She gives the example of how she and her husband use credit cards to buy gift cards for the stores that they shop at, getting the points on the credit card and travel miles.
The Best Money Dana Has Ever Spent
For Dana, money spent on experiences and memories that have expanded her as a person are the best monies she has ever spent.
Money Management in Dana’s Household
On a monthly basis, Dana and her husband, who is a banker, meet every Tuesday morning and they sit down and review her business finances and how they pertain to their personal finances. Prior to doing this, money conversations were more confrontational with Dana feeling like she had to defend herself and her spending. With her husband now in the know about her business activities, conversations are much easier.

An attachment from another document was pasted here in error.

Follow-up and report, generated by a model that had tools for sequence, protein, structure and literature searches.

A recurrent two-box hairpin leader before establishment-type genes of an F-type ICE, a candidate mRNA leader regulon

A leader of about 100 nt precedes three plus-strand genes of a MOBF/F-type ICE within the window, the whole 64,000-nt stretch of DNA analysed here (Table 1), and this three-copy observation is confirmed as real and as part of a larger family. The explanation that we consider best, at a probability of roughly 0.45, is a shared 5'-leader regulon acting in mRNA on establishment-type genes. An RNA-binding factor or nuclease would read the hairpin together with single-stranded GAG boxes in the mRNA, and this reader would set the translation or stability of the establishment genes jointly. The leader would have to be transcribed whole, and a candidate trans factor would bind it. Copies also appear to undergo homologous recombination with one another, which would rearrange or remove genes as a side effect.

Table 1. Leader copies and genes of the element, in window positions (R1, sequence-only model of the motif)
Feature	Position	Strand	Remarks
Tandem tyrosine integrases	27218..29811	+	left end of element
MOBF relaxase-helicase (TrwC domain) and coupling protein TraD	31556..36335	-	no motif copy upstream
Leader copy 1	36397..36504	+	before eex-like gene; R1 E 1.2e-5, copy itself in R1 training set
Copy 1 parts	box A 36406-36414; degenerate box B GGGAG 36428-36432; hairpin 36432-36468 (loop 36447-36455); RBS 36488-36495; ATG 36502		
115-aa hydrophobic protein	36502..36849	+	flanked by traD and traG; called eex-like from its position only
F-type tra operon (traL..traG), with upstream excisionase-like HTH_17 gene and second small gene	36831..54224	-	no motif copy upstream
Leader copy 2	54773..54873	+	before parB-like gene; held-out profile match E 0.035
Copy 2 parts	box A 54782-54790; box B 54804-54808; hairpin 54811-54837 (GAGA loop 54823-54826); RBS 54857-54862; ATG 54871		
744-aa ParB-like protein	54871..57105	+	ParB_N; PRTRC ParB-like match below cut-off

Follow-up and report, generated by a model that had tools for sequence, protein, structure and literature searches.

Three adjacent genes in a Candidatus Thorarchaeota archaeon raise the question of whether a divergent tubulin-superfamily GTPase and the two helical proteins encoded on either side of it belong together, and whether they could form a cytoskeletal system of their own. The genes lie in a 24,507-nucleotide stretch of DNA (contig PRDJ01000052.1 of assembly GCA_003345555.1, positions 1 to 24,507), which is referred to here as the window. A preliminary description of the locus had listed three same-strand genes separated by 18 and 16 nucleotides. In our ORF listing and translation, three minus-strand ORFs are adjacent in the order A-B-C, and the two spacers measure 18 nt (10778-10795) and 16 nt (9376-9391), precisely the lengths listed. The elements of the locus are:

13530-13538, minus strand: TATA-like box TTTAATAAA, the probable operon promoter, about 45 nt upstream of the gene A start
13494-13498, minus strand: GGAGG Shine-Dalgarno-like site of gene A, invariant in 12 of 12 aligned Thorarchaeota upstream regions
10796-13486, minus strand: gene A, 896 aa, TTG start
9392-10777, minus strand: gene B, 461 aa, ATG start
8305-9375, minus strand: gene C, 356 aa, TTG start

Once a month they also do a happy hour where they go out and talk about different things such as how they are doing with finances, where they might go for vacation and the like. They have a joint account that shared expenses come out, and they also each have a personal account. Every month, a certain amount of excess funds is split evenly between them, and put into their respective personal accounts and they can do whatever they want with that money, no questions asked. Before they had children they would each get $400 per month. They also have a $100 rule – if a necessary expense is higher than $100 they discuss it before spending.
Dana feels very strongly that money talk is necessary. Money becomes a painful, raw word when we don’t talk about it.